Exchange Rate

Information purposes only. 

Click for Trading Rate

Buy in vs. Sell out

Each currency comes with two currency exchange rates, either Currency Mart buys from customers or Currency Mart sells to customers. Click two blue buttons, "Currency Mart Buys In" or "Currency Mart Sells Out", to switch buy in or sell out rates.

Rate vs. Inversed Rate

Each currency exchange rate comes with two expressions, either $1 foreign currency = $$$ local currency or $1 local currency = $$$ foreign currency. These two expressions descripe the same rate in two ways, but the effect rate remains the same. How to convert these two expressions to each other? 1 / rate in one expression = rate in another expression.

Cash Rate vs. Noncash Rate

Noncash applies to US currency only and means we pay out or receive payment via financial instruments, such as cheque, bank draft or balance transfer, anyway other than cash.

Preorder Option

Preorder option only apply to when customers purchase foreign currency from Currency Mart, not sell foreign currency to Currency Mart. Preorder option is available for two branches in Manitoba only.

Foreign Currency Retail Market

The currencies for international travel and cross-border payments are mainly purchased from banks, foreign exchange brokers and various exchange offices. These retail outlets obtain money from the interbank market, and the Bank ’s daily currency value is 5.3 trillion US dollars. The purchase is made at the spot contract exchange rate. Retail customers will charge them fees through commissions or other means to make up for the provider's fees and generate profits. One way to charge is to use an exchange rate that is less favorable than the wholesale spot exchange rate. The difference between the retail sale price and the sale price.

Exchange Rate Regime

Each country determines the exchange rate regime that will apply to its currency. For example, the currency may be free-floating, pegged (fixed), or a hybrid. If a currency is free-floating, its exchange rate is allowed to vary against that of other currencies and is determined by the market forces of supply and demand. exchange rates for such currencies are likely to change almost constantly as quoted on financial markets, mainly by banks, around the world. A movable or adjustable peg system is a system of fixed exchange rates, but with a provision for the revaluation (usually devaluation) of a currency. For example, between 1994 and 2005, the Chinese yuan renminbi (RMB) was pegged to the United States dollar at RMB 8.2768 to $1. China was not the only country to do this; from the end of World War II until 1967, Western European countries all maintained fixed exchange rates with the US dollar based on the Bretton Woods system. But that system had to be abandoned in favor of floating, market-based regimes due to market pressures and speculation, according to President Richard M. Nixon in a speech on August 15, 1971, in what is known as the Nixon Shock. Still, some governments strive to keep their currency within a narrow range. As a result, currencies become over-valued or under-valued, leading to excessive trade deficits or surpluses.

Foreign Exchange Market size and Liquidity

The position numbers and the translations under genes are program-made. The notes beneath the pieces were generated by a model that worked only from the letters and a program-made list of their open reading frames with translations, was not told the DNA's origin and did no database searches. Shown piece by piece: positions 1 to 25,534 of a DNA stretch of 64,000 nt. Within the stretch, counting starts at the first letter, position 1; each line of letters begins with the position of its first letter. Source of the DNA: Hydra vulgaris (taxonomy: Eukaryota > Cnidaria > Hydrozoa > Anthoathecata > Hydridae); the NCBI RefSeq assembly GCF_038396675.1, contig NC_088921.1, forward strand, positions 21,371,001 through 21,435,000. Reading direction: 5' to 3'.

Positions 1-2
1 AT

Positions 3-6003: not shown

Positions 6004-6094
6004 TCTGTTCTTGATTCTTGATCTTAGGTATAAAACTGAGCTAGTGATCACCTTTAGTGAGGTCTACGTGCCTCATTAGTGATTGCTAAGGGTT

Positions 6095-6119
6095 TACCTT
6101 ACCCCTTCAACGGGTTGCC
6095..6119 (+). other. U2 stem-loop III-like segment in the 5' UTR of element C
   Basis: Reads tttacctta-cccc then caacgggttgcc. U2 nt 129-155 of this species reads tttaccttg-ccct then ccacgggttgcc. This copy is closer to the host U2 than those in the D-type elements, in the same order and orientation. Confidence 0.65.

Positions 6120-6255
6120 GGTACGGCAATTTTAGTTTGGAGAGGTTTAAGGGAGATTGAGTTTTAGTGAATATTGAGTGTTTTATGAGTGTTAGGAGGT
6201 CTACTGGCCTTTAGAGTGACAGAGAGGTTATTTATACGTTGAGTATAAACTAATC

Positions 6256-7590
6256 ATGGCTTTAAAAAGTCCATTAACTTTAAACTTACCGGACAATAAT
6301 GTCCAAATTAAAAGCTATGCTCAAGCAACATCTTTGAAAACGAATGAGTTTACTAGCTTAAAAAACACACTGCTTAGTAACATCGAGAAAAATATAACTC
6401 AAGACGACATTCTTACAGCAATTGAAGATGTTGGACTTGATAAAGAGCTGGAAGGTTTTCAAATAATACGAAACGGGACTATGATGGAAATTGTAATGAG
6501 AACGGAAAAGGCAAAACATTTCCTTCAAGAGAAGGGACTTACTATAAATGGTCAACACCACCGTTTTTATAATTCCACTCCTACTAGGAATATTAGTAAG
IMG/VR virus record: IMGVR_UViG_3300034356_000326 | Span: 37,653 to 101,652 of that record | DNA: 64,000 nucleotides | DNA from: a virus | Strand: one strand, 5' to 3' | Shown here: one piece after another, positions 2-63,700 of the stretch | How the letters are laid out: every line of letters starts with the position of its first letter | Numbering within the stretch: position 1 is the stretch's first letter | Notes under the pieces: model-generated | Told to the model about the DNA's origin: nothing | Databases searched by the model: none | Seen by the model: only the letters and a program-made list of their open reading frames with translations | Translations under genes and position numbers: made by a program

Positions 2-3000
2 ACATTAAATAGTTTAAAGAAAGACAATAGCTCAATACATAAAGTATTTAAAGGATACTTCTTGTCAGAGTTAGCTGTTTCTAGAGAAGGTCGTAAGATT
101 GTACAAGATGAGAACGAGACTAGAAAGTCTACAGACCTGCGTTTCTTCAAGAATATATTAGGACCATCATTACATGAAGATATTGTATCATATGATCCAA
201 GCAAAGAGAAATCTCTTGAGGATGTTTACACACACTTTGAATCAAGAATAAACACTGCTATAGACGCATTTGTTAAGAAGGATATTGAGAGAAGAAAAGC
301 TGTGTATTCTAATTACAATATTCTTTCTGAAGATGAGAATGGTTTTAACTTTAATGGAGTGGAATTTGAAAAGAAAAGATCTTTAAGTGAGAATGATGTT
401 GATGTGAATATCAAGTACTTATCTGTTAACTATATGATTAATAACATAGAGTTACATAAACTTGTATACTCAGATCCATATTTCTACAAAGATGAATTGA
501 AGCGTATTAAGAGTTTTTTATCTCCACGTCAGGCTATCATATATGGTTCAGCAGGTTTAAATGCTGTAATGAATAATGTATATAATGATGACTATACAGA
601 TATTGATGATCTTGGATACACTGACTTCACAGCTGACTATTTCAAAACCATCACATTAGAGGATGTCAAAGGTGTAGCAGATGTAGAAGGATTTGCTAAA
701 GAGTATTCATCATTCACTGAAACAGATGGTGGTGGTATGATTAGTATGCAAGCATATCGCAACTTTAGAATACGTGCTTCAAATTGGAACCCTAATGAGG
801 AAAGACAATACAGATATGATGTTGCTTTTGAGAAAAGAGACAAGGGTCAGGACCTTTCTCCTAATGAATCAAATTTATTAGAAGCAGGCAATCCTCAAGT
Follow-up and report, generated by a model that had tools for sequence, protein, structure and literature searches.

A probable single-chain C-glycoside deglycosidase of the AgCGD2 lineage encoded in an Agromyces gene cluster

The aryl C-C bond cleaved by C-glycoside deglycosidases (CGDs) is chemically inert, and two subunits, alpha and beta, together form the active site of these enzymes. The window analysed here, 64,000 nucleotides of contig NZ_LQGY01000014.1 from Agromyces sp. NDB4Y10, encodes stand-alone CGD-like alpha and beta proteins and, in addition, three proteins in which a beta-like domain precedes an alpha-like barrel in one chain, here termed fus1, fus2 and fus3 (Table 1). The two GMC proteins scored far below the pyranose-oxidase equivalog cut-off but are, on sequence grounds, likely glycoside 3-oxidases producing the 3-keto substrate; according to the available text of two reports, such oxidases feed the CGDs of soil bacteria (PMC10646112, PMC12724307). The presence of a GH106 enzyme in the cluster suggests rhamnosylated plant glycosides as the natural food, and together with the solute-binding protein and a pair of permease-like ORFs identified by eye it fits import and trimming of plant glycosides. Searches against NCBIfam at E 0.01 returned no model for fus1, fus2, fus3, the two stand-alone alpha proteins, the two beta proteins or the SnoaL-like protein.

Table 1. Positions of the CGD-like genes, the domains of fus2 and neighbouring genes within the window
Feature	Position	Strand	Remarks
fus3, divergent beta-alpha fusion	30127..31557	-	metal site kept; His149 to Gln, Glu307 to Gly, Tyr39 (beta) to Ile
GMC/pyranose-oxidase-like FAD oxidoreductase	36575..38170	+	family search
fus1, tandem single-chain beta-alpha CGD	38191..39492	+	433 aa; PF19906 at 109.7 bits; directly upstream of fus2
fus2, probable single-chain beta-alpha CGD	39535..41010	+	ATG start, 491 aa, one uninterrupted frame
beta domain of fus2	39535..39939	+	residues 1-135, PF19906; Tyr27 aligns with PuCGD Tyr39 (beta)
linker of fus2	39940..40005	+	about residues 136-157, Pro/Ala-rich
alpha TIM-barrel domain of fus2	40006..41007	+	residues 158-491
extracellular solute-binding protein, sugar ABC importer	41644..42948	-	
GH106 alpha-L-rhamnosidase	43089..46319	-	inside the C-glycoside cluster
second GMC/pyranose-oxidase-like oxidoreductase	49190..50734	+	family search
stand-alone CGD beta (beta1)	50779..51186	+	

The foreign exchange market is the most liquid financial market in the world. Traders include governments and central banks, commercial banks, other institutional investors and financial institutions, currency speculators, other commercial corporations, and individuals. According to the 2019 Triennial Central Bank Survey, coordinated by the Bank for International Settlements, average daily turnover was $6.6 trillion in April 2019 (compared to $1.9 trillion in 2004). Of this $6.6 trillion, $2 trillion was spot transactions and $4.6 trillion was traded in outright forwards, swaps, and other derivatives. Foreign exchange is traded in an over-the-counter market where brokers/dealers negotiate directly with one another, so there is no central exchange or clearing house. The biggest geographic trading center is the United Kingdom, primarily London. In April 2019, trading in the United Kingdom accounted for 43.1% of the total, making it by far the most important center for foreign exchange trading in the world. Owing to London's dominance in the market, a particular currency's quoted price is usually the London market price. For instance, when the International Monetary Fund calculates the value of its special drawing rights every day, they use the London market prices at noon that day. Trading in the United States accounted for 16.5%, Singapore and Hong Kong account for 7.6% and Japan accounted for 4.5%. Turnover of exchange-traded foreign exchange futures and options was growing rapidly in 2004-2013, reaching $145 billion in April 2013 (double the turnover recorded in April 2007). As of April 2019, exchange-traded currency derivatives represent 2% of OTC foreign exchange turnover. Foreign exchange futures contracts were introduced in 1972 at the Chicago Mercantile Exchange and are traded more than to most other futures contracts. Most developed countries permit the trading of derivative products (such as futures and options on futures) on their exchanges. All these developed countries already have fully convertible capital accounts. Some governments of emerging markets do not allow foreign exchange derivative products on their exchanges because they have capital controls. The use of derivatives is growing in many emerging economies. Countries such as South Korea, South Africa, and India have established currency futures exchanges, despite having some capital controls. Foreign exchange trading increased by 20% between April 2007 and April 2010 and has more than doubled since 2004. The increase in turnover is due to a number of factors: the growing importance of foreign exchange as an asset class, the increased trading activity of high-frequency traders, and the emergence of retail investors as an important market segment. The growth of electronic execution and the diverse selection of execution venues has lowered transaction costs, increased market liquidity, and attracted greater participation from many customer types. In particular, electronic trading via online portals has made it easier for retail traders to trade in the foreign exchange market. By 2010, retail trading was estimated to account for up to 10% of spot turnover, or $150 billion per day (see below: Retail foreign exchange traders).